I’ve been a hardcore aspect ratio fanatic my entire life so I when I notice something unusual or striking about the masking of a new film, you can pretty much take it to the bank. I was in a local AMC plex last night, and impulsively decided to pop my head into a theatre showing The Holdovers. Despite having seen it three times (Telluride and Montclair film festivals plus last night) I noticed for the first time that it’s being projected at 1.66:1, or is masked at that aspect ratio.

We all understand that director Alexander Payne has gone to some effort to make The Holdovers look and feel like a half-century-old film, but honestly? 1.66:1 was more in vogue during the ’50s and the early to mid ’60s (at least when it came to United Artists releases). Outside of European projection standards and par-for-the-course 1.66 maskings, 1.85 aspect ratios had become ubiquitous stateside by 1970, the year in which Payne’s film mostly takes place. I nonetheless love that he tumbled for 1.66 anyway.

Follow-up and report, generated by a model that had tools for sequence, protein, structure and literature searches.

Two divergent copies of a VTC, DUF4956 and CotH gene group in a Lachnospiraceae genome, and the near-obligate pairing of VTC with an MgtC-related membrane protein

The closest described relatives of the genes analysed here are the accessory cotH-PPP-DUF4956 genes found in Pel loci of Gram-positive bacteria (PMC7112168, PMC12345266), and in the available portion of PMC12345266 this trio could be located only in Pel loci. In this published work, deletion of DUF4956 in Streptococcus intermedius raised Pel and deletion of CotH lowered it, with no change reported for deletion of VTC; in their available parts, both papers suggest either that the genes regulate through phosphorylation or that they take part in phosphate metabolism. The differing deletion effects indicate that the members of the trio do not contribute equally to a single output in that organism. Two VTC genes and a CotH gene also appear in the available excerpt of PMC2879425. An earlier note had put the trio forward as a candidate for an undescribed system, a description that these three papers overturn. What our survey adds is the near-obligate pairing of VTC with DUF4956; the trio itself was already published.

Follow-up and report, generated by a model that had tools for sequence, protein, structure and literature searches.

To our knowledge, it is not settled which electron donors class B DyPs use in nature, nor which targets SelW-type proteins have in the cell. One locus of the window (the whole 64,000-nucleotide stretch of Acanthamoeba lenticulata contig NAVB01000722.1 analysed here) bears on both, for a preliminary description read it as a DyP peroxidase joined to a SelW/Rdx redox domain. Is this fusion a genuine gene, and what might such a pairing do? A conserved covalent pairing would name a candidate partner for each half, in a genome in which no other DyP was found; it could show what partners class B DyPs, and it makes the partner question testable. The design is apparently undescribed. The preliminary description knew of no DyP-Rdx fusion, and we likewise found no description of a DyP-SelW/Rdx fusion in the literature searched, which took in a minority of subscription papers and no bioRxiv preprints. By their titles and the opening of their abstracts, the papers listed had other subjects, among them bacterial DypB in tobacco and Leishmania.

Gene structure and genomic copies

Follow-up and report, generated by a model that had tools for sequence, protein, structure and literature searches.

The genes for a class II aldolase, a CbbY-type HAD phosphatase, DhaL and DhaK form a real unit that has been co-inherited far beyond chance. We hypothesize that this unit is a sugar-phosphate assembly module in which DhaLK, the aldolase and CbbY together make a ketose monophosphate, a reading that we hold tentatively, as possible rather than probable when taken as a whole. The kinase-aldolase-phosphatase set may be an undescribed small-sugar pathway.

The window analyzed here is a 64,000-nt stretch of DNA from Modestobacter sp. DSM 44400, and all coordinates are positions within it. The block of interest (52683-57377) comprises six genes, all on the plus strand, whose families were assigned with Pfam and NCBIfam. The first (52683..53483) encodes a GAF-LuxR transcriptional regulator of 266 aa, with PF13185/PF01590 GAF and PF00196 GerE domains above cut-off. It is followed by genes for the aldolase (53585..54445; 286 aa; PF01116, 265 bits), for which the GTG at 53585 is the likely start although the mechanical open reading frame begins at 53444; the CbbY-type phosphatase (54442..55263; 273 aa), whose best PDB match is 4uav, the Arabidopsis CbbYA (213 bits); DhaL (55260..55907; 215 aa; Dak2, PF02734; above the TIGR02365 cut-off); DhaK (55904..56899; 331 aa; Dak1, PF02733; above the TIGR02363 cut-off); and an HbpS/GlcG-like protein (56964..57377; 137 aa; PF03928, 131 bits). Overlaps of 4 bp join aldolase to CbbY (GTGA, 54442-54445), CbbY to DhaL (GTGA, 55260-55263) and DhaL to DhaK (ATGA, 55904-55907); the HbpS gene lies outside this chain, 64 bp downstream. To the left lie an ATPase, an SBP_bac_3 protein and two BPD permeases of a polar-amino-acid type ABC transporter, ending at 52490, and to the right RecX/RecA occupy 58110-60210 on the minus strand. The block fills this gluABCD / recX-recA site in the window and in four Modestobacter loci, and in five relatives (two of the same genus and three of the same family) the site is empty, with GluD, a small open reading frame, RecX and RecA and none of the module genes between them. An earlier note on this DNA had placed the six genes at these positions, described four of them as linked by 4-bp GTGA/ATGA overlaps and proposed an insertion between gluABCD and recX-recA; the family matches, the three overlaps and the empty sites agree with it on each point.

Nobody loves 1.66 aspect ratios like Hollywood Elsewhere…nobody.

To me 1.66 framings are a special turn-on — a standard of old-school visual integrity that either you’re on board with like a monk or you’re not and you’re lost.

The first three James Bond films use the 1.66 rectangle…perfection. I adore that John Schlesinger‘s Sunday Bloody Sunday (’71) adheres to same. I hated it when Richard Lester ignored the traditional 1.66 framings of A Hard Day’s Night and went instead for 1.75 when the Criterion Bluray version came out…heresy! The late William Friedkin once told me in no uncertain terms that Sorcerer was meant to be shown in 1.85, but he could have kicked back and opened his heart and gone for 1.66 and nobody would’ve said boo. Roman Polanski wasn’t “wrong”, of course, when he stated that 1.85 was the proper aspect ratio for Rosemary’s Baby, but when I saw a 1.66 version in Paris in ’76 or thereabouts, I knew…I just knew.

You can’t instruct a cinematic Philistine to get with the 1.66 program — they either understand or they don;t.